The Belgian Tervuren is highly active, but not hyperactive. They love to explore, play, compete, and participate in all of the physical activities of their families. Proper training is essential to ensure that your Terv does not haphazardly indulge in herding and tracking behavior without guidance. Without structure and consistency, your Terv may become a nuisance or, worse, destructive. This working dog needs a sufficient degree of exercise, which involves daily walks. Also important is some occasional, off-leash playtime, such as a game of Frisbee or catch.
Because the Terv is prone to herding and chasing, a fenced-in area like a yard or dog park is best. If you’re planning to have your Terv in open areas to play, ensure they are very strong in basic commands and will listen even if they are very interested in something. It’s also helpful if they have had several successful off-leash training sessions.
The Belgian Tervuren is usually a medium-sized dog. Some individuals can end up being a little on the large side. This dog breed usually stands between 22 and 26 inches tall at the shoulder. Males tend to weigh between 55 and 75 pounds and females tend to weigh between 45 and 60 pounds.
A Belgian Tervuren will generally live for 12-14 years.
During World War I, the Belgian Tervuren was part of the war effort in a number of important capacities, including as the service dog for the Red Cross. Tervs impressed American soldiers, who returned from home, telling of how the dogs were used as messengers in Europe during the war.
Created in Belgium in the late 19th century, the Belgian Tervuren dog breed is often considered to be the most elegant of the four Belgian sheepdogs. They’re intelligent and athletic, making them a versatile performer in any number of activities, including their original job, herding.
Even though these are purebred dogs, you may find them in the care of shelters or rescue groups. Remember to adopt! Don’t shop if you want to bring a dog home.
Belgian Tervurens are smart and sensitive. They do best if they get plenty of mental and physical stimulation, otherwise they may invent their own, potentially destructive, ways to alleviate boredom. They also don’t take well to being left home alone for long hours of the day. If you can provide a dog with plenty of exercise, training, and attention, this breed might be a good choice for you.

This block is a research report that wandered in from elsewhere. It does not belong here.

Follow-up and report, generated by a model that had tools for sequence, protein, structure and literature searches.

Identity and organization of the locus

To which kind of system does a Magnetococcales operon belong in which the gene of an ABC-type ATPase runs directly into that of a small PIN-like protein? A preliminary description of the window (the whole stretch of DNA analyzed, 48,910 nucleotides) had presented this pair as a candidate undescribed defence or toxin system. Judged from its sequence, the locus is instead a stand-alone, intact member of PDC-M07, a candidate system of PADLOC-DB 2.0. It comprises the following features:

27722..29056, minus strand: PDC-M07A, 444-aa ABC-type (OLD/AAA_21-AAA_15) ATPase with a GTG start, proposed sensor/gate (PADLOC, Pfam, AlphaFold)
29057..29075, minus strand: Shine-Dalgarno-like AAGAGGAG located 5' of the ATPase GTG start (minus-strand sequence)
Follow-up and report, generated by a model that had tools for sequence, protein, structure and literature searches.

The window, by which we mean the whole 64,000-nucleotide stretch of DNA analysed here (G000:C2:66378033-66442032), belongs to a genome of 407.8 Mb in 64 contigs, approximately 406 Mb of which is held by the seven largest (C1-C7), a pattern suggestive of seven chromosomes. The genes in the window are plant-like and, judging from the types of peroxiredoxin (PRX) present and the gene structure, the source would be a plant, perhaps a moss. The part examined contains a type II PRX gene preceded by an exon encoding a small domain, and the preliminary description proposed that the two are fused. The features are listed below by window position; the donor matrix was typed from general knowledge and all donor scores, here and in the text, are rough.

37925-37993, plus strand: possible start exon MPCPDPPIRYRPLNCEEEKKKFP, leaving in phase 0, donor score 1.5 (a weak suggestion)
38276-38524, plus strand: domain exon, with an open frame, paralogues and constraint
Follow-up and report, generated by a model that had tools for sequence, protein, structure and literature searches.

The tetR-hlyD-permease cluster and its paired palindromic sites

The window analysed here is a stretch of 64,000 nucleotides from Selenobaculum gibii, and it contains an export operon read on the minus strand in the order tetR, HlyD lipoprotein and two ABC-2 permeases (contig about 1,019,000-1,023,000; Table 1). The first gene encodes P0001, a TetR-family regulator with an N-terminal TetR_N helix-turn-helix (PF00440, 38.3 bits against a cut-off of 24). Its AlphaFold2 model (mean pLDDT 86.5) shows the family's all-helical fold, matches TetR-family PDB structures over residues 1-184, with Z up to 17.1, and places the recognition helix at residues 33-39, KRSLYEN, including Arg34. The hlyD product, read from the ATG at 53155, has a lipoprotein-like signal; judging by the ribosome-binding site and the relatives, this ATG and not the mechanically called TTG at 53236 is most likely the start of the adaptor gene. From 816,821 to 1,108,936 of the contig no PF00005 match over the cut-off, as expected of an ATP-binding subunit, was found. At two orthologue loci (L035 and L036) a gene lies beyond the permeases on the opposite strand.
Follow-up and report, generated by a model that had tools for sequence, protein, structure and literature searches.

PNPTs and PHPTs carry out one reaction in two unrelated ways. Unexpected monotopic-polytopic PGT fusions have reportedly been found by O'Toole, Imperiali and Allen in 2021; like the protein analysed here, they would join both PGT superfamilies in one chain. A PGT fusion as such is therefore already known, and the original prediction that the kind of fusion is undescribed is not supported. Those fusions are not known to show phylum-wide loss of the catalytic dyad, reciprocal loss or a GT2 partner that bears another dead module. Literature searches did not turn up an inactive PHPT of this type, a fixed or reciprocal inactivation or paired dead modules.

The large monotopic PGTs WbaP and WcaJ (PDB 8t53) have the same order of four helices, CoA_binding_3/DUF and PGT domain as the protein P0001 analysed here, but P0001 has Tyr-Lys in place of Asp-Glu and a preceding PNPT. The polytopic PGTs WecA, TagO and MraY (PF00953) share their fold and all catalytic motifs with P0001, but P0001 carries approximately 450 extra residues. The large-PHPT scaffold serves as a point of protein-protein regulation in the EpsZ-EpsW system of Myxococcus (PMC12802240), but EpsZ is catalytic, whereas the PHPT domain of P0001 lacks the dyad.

See below for complete list of dog breed traits and facts about Belgian Tervurens!
How quickly do Belgian Tervurens grow?
I recently got a Belgian Terv puppy. At just shy of nine weeks, he weighed 9 pounds 5 oz. Three weeks later, he weighed 10 pounds 8 oz, a net gain of only 1 pound 3 oz. I was surprised, the vet was 'meh'.
He is eating a 5 star rated puppy food (dogfoodadvisor.com), was one cup 3x/d. Good energy, normal stool, looks healthy, but so furry, hard to tell if he's too thin or not.
I started adding toppers to his feeding and added an extra feeding/day to get him to eat more. Plus, for training treats, I'm giving boiled chicken, beef or other high-quality treats (freeze-dried liver, etc.).
I've looked for growth charts for the breed and I can't find any.
Because of intermittent regurgitation and vomitting, there's a small chance that the pup can have an esophageal or pyloric problem. The pup is scheduled for a visit next week, and if inadequate weight gain, this will be followed by a barium swallow study.
I spoke with the breeder (450 miles away, mind you) who at first wanted to switch out the puppy for another one (what? No, I've bonded to this puppy) and when I ran the possibility of a medical problem by her, she literally screamed at me not to get the puppy tested, not to trust the vet ("They don't know what they're doing! They know nothing about this breed! They're only in it for the money!"), and when I said I would trust the vet, she threatened to reclaim the dog because of abuse, so I think she's out of the picture.
I've tried two other puppy foods to see if the pup likes one more than another. He looks great to me, but definitely smallish.
Any suggestions? (Googling BT growth rates gets me no helpful hits.)